Sep 28, 2016
21 Things You Didn’t Know About ADHD
10. ADHD Is Not Associated With Intellect
In fact, some of the smartest people in the world have had ADHD. However, contributing to the perception of intellectual slowness, there is often a 30 percent developmental lag in those with ADHD. Most commonly, those with the condition lag behind in maintaining their relationships with others, motor skills, the ability to correct their own behaviors, personal independence, being responsible, and memory recall.
While not a fault of their intelligence, these children can seem to have matured far less than other children their own age. Eventually, this lag can correct itself, but the interim is a long and painful journey.
11. ADHD Is Not an Excuse
One of the hardest parts of living with children with ADHD is living with the stigma that your child is simply using ADHD as an excuse for his behavior. This couldn’t be further from the truth. Children with ADHD must try very hard just to be as cognizant of their surroundings. No one would be able to keep up with everything around if their mind kept telling them to look at new, more interesting things.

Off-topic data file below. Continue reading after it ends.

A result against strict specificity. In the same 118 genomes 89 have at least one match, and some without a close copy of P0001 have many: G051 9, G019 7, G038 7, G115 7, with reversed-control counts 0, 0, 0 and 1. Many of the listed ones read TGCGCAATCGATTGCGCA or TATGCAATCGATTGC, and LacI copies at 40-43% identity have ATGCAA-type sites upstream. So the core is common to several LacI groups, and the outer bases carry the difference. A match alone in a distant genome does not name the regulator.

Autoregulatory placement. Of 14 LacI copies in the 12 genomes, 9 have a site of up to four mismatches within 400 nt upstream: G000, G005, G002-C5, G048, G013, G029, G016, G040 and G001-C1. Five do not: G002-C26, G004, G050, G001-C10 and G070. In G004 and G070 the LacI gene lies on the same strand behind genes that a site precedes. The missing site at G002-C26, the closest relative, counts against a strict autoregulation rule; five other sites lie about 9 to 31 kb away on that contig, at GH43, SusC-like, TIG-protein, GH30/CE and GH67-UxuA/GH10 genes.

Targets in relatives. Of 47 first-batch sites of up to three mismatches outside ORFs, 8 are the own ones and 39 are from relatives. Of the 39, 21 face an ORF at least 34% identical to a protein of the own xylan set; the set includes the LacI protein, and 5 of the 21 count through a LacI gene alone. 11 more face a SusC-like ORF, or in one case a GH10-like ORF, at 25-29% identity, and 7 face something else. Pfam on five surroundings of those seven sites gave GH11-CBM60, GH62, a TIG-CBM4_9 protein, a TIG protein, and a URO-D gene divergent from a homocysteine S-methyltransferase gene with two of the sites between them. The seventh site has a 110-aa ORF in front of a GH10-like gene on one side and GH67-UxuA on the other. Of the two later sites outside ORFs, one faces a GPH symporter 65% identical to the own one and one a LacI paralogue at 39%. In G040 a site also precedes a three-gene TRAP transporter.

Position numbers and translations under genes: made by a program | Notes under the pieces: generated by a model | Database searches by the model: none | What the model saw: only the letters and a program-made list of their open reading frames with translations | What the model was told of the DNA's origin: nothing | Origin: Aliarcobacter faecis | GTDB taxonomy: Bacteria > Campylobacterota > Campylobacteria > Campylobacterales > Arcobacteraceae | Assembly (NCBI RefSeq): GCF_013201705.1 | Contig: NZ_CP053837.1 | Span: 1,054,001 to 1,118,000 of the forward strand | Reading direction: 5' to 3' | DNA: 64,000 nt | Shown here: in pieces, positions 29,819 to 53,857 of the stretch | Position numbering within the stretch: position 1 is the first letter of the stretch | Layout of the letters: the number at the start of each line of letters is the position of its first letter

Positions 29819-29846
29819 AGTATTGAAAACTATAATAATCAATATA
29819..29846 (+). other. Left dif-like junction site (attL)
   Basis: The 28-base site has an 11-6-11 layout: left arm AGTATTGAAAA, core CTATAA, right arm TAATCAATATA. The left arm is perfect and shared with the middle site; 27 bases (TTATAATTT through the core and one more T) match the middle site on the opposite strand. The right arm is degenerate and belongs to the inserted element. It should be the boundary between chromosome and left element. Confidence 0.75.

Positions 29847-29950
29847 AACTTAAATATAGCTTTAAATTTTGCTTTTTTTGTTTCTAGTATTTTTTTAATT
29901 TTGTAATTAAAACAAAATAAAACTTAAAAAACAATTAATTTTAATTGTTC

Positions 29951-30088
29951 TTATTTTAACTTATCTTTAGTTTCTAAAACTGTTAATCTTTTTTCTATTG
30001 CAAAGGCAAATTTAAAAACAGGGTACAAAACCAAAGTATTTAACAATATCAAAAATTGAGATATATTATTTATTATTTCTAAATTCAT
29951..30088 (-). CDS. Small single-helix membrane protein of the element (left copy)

Children have to learn to compensate for their energy and lack of attention, and parents are a key part of that.
12. Parents Need Treatment Too
If you are a parent to a child with ADHD, you must accept that while nothing you do can change a child’s mental disorder, parents can do a lot to help kids cope. To create lasting behavioral change, parents need to create a home atmosphere that encourages children to learn control over their behavior.
Most therapists work with parents to help foster such an environment. Without the encouragement and support of their parents, any treatment designed to help a child with ADHD is sure to fail.
13. ADHD Is Not the Only Problem
ADHD is often not the only mental condition a patient has to deal with. 20 percent of those with ADHD also have depression, and nearly as many can have bipolar disorder as well. 50 percent have some form of learning disability in addition to ADHD, like dyslexia or writing problems.